Generating Evidence for Clinical Benefit of PET/CT in Diagnosing Cancer Patients
ABSTRACT For diagnostic methods such as PET/CT, not only diagnostic accuracy but also clinical benefit must be demonstrated. However, there is a lack of consensus about how to approach this task. Here we consider 6 clinical scenarios to review some basic approaches to demonstrating the clinical benefit of PET/CT in cancer patients: replacement of an invasive procedure, improved accuracy of initial diagnosis, improved accuracy of staging for curative versus palliative treatment, improved accuracy of staging for radiation versus chemotherapy, response evaluation, and acceleration of clinical decisions. We also develop some guidelines for the evaluation of clinical benefit. First, it should be clarified whether there is a direct benefit of the use of PET/CT or an indirect benefit because of improved diagnostic accuracy. If there is an indirect benefit, then decision modeling should be used initially to assess the benefit expected from the use of PET/CT. Only if decision modeling does not allow definitive conclusions should randomized controlled trials be planned.
SourceAvailable from: Alexander Walter Sauter[Show abstract] [Hide abstract]
ABSTRACT: Non-small-cell lung cancer is the most common type of lung cancer and one of the leading causes of cancer-related death worldwide. For this reason, advances in diagnosis and treatment are urgently needed. With the introduction of new, highly innovative hybrid imaging technologies such as PET/CT, staging and therapy response monitoring in lung cancer patients have substantially evolved. In this review, we discuss the role of FDG PET/CT in the management of lung cancer patients and the importance of new emerging imaging technologies and radiotracer developments on the path to personalized medicine.European journal of nuclear medicine and molecular imaging 01/2015; 42(4). DOI:10.1007/s00259-014-2974-5 · 5.22 Impact Factor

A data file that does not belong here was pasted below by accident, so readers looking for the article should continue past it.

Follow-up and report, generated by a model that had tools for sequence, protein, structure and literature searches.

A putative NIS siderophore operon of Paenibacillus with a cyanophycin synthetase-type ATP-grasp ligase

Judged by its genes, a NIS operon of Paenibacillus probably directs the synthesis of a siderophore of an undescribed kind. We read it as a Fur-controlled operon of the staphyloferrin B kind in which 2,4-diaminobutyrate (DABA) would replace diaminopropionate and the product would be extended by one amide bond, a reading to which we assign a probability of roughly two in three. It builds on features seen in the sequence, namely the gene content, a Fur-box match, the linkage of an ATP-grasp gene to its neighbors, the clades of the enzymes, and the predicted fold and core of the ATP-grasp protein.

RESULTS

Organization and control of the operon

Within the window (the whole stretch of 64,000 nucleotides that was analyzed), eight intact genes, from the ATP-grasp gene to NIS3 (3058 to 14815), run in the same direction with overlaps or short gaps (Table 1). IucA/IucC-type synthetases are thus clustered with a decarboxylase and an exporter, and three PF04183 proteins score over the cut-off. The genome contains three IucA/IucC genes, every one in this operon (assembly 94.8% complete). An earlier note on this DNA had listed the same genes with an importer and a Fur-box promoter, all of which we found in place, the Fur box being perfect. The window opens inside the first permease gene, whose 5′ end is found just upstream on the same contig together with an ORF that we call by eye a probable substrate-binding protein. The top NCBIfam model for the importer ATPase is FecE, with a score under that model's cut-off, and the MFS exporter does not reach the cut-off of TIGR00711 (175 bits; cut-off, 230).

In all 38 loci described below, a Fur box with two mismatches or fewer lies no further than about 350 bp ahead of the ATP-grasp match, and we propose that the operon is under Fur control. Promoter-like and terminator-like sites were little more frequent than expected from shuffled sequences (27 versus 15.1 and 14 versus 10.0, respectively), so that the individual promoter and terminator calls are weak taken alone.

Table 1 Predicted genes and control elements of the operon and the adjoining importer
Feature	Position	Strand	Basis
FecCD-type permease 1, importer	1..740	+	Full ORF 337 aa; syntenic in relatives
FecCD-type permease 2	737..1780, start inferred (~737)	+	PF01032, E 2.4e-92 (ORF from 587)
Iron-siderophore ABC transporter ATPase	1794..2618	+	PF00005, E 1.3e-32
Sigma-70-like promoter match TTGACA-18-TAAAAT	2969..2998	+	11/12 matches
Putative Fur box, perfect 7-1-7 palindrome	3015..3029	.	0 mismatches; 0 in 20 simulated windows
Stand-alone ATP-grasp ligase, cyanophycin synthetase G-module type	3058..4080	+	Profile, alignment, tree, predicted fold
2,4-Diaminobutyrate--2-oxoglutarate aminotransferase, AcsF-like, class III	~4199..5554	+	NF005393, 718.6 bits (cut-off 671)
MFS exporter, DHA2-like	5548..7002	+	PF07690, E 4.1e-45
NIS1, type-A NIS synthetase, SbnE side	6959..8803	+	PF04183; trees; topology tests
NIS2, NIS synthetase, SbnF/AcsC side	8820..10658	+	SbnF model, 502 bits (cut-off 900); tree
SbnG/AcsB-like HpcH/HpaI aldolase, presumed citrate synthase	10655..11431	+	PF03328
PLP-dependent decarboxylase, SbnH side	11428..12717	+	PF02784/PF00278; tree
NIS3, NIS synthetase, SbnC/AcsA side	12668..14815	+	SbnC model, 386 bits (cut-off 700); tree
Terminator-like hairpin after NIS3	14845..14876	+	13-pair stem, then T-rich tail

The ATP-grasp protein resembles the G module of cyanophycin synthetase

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ABSTRACT: When the efficacy of a new medical drug is compared against that of an established competitor in a randomized controlled trial, the difference in patient-relevant outcomes, such as mortality, is usually measured directly. In diagnostic research, however, the impact of diagnostic procedures is of an indirect nature as test results do influence downstream clinical decisions, but test performance (as characterized by sensitivity, specificity, and the predictive values of a procedure) is, at best, only a surrogate endpoint for patient outcome and does not necessarily translate into it. Not many randomized controlled trials have been conducted so far in diagnostic research, and, hence, we need alternative approaches to close the gap between test characteristics and patient outcomes. Several informal approaches have been suggested in order to close this gap, and decision modeling has been advocated as a means of obtaining formal approaches. Recently, the expected benefit has been proposed as a quantity that allows a simple formal approach, and we take up this suggestion in this paper. We regard the expected benefit as an estimation problem and consider two approaches to statistical inference. Moreover, using data from a previously published study, we illustrate the possible insights to be gained from the application of formal inference techniques to determine the expected benefit. © 2015 WILEY-VCH Verlag GmbH & Co. KGaA, Weinheim.Biometrical Journal 03/2015; 57(3). DOI:10.1002/bimj.201400020 · 1.24 Impact Factor
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ABSTRACT: Not only therapeutic procedures, but also diagnostic procedures, have to demonstrate their patient-relevant benefits if they are to be reimbursed by public health insurance. Randomized trials comparing two diagnostic procedures allow us to assess these benefits directly if appropriate outcomes are used. However, owing to the widespread lack of such studies, it is now necessary to use the "linked evidence" approach as well, trying to predict the patient-relevant benefits from the results of comparative accuracy studies. Such a prediction is based on explicitly specifying our expectations with regard to the consequences of a change in diagnosis at the level of a single patient. We discuss the basic properties of these two approaches, which are relevant to the understanding of their possible role in the benefit assessment of diagnostic procedures. We try to predict the future roles of the two approaches and outline some of the issues on which a consensus is required to allow their successful use in benefit assessment. Furthermore, we indicate some of the developments related to the paradigm of individualized care that may influence the use of benefit assessments for diagnostic studies in the future.Bundesgesundheitsblatt - Gesundheitsforschung - Gesundheitsschutz 01/2015; DOI:10.1007/s00103-014-2111-4 · 1.01 Impact Factor